Rogelio Candalario, a left-handed San Pedro pitcher who never got beyond Class AA ball because of a broken arm, coaches a leading local youth program that has had six players signed by major league teams in its three years in existence.
When I ask who the hottest new kid is, Candalario shakes his head and looks down at his 18-man roster. He thinks most of his players are serious major league prospects. His best starting pitcher, 16-year-old Jersey Santana, already throws a fastball up to 89 m.p.h.
But for Arturo D’Oleo, coordinator of this program, there’s no doubt. “Absolutely, no question about it, the best prospect here is Esdra Abreu,” he says.
Abreu is a 15-year-old outfielder playing on a team for 16- to 18-year-olds. He is over 6 feet tall, with long arms and legs, and he is respected for his work ethic and seriousness. Says former major league scout Herman Martínez, who has been working with Abreu since he was 7 years old: “Last year he was the top young player in the country. He comes from a good family—well-educated people. And his throwing arm has power.”
Esdra’s older brother, Abner, 17, a shortstop, already has signed with the Cleveland Indians for $350,000. (A signing bonus like $60,000 may be more common, but there is considerable excitement over him.) This summer, the Indians organization is giving Abner English lessons and teaching him about American food. In contrast, Pedro González told me that when the Yankees first brought him to America, he ate only ham and eggs, or chicken with French fries, because they were the only dishes he knew how to order.
The Abreus are from the all-too-rare Dominican middle class, struggling to stay above poverty. Their father, Enrique, is a construction worker who tries to find regular employment. Their mother, Senovia, is a school principal.
The Abreus live in Barrio Buenos Aires, one of the many neighborhoods where dirt roads lined with little turquoise wooden houses crisscross fields on the edge of town. Their house has a corrugated tin roof—and a steel gate with the Indians logo hand-painted on it. Inside, their little living room is cooled by wall-mounted fans—when the barrio has electricity. What’s most striking are the pictures of Abner and Esdra in caps and gowns, and an academic award earned by Abner.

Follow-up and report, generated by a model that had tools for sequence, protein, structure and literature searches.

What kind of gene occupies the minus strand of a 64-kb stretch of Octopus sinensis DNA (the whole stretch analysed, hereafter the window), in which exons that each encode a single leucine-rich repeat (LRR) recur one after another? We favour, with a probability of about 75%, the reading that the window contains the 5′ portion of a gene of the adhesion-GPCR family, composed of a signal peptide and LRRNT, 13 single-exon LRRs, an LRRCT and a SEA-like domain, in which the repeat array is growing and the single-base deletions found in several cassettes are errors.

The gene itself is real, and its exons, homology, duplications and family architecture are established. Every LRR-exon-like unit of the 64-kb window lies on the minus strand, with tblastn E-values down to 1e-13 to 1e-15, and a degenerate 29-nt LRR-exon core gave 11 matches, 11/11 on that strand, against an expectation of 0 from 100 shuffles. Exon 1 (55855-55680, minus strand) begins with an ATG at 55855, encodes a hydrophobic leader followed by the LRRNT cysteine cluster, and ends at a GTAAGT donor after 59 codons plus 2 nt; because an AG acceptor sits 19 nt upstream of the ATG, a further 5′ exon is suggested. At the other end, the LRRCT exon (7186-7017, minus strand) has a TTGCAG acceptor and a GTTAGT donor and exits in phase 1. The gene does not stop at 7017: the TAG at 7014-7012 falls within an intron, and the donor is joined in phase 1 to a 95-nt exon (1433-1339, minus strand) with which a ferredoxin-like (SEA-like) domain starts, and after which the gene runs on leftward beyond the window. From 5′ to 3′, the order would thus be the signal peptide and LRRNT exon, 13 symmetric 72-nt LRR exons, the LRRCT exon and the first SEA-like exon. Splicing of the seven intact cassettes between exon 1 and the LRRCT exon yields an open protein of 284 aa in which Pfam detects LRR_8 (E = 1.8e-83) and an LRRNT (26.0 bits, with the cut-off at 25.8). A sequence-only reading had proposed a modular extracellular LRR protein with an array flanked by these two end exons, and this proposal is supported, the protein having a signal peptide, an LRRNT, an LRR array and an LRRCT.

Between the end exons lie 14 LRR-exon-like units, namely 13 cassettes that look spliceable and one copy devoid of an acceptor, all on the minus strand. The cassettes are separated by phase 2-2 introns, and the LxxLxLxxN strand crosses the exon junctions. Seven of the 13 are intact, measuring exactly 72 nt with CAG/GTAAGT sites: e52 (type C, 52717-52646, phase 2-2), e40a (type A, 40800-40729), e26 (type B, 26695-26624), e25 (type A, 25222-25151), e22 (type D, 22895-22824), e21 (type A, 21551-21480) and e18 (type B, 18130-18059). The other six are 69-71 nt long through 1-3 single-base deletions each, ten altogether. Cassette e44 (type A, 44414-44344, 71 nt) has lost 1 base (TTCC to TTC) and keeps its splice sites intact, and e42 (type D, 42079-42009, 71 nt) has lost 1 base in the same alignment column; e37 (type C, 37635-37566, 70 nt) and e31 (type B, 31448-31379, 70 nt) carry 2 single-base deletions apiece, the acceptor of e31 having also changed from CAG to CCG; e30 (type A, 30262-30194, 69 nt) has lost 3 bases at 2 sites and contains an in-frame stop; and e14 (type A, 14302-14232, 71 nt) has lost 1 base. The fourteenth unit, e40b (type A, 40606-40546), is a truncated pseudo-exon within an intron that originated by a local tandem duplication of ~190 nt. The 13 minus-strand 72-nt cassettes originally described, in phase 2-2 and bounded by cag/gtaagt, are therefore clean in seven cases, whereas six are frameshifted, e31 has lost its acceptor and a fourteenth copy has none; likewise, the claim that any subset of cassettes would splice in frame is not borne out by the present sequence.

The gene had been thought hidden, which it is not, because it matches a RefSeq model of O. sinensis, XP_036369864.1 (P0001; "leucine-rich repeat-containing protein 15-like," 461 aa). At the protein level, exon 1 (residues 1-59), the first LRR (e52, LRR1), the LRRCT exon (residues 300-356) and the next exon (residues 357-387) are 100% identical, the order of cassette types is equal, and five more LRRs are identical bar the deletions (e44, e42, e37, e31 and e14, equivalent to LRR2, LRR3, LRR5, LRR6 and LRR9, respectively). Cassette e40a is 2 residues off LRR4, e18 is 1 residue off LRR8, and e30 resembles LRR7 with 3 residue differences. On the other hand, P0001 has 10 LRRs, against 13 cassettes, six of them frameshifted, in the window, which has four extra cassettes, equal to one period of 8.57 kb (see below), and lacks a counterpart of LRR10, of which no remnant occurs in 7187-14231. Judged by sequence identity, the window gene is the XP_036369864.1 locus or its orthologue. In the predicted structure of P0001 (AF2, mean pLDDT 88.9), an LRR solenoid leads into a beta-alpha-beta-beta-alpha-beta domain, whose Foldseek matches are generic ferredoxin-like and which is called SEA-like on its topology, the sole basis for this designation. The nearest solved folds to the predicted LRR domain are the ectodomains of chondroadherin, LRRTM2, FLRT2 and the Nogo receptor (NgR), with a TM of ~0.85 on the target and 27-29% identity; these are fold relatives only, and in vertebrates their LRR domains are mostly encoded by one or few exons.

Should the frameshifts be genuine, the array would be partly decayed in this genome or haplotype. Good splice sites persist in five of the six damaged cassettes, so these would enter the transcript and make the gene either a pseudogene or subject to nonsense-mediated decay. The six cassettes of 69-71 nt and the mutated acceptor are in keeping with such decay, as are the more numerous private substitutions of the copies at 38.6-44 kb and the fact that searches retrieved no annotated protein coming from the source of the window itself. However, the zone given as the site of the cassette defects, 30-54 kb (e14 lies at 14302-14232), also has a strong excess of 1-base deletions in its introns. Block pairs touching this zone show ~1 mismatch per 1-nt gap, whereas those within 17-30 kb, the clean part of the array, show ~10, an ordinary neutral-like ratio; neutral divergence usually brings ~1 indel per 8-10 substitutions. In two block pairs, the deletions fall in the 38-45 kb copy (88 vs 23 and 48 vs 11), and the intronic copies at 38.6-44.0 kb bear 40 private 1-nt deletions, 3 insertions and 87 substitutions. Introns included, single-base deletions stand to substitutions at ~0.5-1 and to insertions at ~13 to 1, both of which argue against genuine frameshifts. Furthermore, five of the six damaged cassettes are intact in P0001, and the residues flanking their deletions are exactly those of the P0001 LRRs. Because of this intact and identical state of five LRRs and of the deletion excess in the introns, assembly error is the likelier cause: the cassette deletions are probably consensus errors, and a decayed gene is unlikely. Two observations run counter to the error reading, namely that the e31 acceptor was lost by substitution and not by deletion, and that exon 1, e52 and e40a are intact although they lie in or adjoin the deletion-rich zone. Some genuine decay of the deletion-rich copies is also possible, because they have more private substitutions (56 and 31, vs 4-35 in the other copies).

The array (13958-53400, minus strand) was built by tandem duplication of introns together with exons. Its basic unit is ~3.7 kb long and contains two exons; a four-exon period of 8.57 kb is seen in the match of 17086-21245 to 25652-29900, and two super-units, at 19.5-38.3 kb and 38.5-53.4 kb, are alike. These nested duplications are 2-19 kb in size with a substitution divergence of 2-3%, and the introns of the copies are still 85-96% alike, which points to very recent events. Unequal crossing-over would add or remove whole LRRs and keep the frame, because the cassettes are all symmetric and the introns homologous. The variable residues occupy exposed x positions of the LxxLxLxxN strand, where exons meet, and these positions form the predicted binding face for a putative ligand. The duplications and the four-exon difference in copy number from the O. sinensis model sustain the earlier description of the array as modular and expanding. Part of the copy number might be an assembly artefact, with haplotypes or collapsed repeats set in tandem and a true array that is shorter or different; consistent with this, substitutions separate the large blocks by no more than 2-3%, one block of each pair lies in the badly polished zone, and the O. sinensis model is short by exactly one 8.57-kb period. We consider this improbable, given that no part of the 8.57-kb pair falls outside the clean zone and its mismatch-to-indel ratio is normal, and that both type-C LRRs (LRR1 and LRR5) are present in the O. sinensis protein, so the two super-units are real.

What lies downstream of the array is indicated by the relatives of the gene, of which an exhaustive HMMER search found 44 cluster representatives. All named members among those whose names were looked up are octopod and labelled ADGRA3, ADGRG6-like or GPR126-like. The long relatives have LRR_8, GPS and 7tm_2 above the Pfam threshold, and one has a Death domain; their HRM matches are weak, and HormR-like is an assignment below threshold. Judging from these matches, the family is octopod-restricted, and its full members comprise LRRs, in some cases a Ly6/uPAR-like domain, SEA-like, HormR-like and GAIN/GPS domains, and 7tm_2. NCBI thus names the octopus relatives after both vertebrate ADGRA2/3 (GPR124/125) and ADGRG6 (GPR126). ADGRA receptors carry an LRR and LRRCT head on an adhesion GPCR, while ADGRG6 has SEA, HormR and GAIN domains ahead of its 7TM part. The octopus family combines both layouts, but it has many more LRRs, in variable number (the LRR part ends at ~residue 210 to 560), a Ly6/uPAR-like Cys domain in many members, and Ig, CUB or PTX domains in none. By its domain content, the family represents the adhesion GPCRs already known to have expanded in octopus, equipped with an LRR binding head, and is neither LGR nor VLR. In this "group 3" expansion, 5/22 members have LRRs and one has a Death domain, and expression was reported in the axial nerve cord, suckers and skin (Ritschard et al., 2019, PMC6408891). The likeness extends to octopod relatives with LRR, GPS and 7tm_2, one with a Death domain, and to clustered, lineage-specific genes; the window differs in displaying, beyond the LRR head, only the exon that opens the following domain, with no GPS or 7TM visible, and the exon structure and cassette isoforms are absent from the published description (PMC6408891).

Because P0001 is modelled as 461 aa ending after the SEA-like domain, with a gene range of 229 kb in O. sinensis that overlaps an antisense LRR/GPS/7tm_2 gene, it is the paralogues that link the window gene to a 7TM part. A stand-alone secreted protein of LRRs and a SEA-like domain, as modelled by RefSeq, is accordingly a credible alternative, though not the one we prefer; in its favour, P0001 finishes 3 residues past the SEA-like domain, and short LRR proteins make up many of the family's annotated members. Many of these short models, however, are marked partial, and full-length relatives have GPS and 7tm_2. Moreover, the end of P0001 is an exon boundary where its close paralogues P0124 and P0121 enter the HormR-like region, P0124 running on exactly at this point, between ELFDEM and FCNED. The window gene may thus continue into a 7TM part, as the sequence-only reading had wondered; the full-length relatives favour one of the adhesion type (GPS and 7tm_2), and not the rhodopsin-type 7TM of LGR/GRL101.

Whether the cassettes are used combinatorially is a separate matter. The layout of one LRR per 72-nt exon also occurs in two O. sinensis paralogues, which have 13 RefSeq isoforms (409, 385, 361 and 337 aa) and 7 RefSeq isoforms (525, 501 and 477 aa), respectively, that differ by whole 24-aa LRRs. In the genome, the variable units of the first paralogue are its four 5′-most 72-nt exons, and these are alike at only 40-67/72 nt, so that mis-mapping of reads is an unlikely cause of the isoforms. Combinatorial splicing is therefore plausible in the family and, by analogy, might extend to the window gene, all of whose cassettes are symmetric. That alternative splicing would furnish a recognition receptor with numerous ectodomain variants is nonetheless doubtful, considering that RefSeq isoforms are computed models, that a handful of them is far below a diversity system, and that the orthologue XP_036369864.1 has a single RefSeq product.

Abner had finished high school and was studying at the local college when Cleveland made its offer, and he dropped out. His mother says that she was sorry he did, but she smiles and adds: “It is his big dream.” Enrique says, “We thought our children would be doctors or engineers, but they always wanted baseball.”
There is a third son, Gabriel, who is an 11-year-old fan of Dominican-born Albert Pujols, star first baseman for the World Series champs, the St. Louis Cardinals. Gabriel is a little chunkier than his brothers, which could be an advantage. Another advantage: He already has learned English in anticipation of his major league career.
But for the three Abreus and for all the aspiring young ballplayers of San Pedro, it is far easier to be signed than to make the major leagues. Some baseball officials say that fewer than one of every 10 players signed ever plays in a big league game.
Esdra says, “I am not worried about America or the major leagues. I’m ready.” But he still has a long way to go. Though scouts from several teams, including Cleveland, already have spoken to him, Esdra does not turn 16 until next March, and he cannot be signed until the second half of 2008.
Even Abner has a way to go before becoming a pro. He will spend the next few months in the Dominican Summer League, where major league franchises have their recruits play private games in guarded complexes. If he does well, he might get to try out in spring training.
It was hard for me not to think that these kids were trading in their education for a very slim shot at the major leagues. But in San Pedro, where they know their baseball, there is a lot of confidence that we will be hearing from an Abreu or two—Abner, Esdra or Gabriel—in a few years.